by Robert Fenhagen
click aici pentru versiunea română
“What’d you find?”
“Nothing. A lottery ticket.”
“Throw it away. C’mon, we got a car to smash.”
A filthy, flattened field crowded with towers of crushed and rusting vehicles, the junk yard took up three city blocks in Newark, New Jersey; the only time given reprieve in the winter when an occasional white blanket hid it. People brought their previously beloved vehicles that somehow had morphed into useless junk, only to sell for scrap, plus a hundred bucks.
Tony Golofino was about to toss the ticket, but it looked brand new, and there was the Lotto Super-Max drawing coming up. He looked out at the vast yard, and shook his head. He’d pretty much accepted his lot in life, but once in a while the old fantasy tapped on his consciousness, but he had gotten better and better at ignoring the taps, so barely reacted to them anymore.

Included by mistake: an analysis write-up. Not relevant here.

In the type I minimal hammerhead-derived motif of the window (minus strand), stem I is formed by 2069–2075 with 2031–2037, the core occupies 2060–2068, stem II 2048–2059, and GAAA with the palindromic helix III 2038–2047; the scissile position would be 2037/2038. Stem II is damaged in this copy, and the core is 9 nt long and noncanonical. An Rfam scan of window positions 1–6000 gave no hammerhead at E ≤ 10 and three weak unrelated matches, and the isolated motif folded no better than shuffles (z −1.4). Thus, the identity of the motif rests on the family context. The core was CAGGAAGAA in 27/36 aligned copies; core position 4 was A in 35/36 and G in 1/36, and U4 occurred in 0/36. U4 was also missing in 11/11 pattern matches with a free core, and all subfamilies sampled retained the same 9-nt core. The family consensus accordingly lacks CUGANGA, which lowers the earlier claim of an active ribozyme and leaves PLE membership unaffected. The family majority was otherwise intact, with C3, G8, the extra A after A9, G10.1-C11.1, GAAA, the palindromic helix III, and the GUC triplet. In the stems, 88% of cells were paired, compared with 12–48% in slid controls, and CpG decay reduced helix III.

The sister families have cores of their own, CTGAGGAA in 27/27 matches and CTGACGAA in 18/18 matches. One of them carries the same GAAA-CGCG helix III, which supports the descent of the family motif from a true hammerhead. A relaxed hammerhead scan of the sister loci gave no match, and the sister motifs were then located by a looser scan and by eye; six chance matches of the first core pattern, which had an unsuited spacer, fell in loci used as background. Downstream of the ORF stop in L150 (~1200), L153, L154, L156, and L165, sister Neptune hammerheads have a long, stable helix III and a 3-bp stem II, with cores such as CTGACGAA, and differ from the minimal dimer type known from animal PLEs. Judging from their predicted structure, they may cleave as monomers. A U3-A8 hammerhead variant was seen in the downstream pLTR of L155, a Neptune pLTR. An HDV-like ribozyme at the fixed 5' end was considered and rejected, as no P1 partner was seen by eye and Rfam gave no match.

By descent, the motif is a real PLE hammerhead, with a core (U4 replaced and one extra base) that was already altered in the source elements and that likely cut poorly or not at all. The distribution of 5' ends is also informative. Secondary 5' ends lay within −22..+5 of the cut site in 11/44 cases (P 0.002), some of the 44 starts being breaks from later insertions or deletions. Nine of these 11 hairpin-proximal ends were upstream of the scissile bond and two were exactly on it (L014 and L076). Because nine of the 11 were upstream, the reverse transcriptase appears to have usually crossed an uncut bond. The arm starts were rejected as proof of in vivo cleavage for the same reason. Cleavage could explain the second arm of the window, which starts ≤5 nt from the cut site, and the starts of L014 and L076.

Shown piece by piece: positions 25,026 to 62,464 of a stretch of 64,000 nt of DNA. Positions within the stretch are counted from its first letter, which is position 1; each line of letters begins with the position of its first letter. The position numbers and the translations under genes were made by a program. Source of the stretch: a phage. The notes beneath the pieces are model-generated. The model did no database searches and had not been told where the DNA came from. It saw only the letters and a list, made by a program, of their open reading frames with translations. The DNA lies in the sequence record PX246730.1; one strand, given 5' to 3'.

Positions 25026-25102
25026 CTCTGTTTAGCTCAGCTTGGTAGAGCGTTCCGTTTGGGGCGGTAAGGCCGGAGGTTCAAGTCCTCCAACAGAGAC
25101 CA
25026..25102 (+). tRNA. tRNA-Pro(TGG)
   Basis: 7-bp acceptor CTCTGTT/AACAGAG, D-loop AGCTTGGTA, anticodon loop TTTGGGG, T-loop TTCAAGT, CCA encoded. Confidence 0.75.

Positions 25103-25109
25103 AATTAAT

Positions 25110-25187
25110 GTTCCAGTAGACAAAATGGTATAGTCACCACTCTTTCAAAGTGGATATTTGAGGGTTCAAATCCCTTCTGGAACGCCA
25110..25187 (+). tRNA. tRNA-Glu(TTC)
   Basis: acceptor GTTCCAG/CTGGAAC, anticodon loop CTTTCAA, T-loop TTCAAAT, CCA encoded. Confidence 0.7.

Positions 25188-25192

Accident, or two tons of the Cruncher; it didn’t matter. An acre of violence one way or another. Kind of a shame. He used to lament all of the screaming and dying stories as the Cruncher did its job; watching windshields and roofs exploding and imploding. Tony wished he could escape the yard, but his family needed him, and instead of tossing the ticket, he stuck it in his filthy baggy green pants pocket…
That night, a neighbor overheard a scream from next door, which sounded like somebody had won a lottery, or something.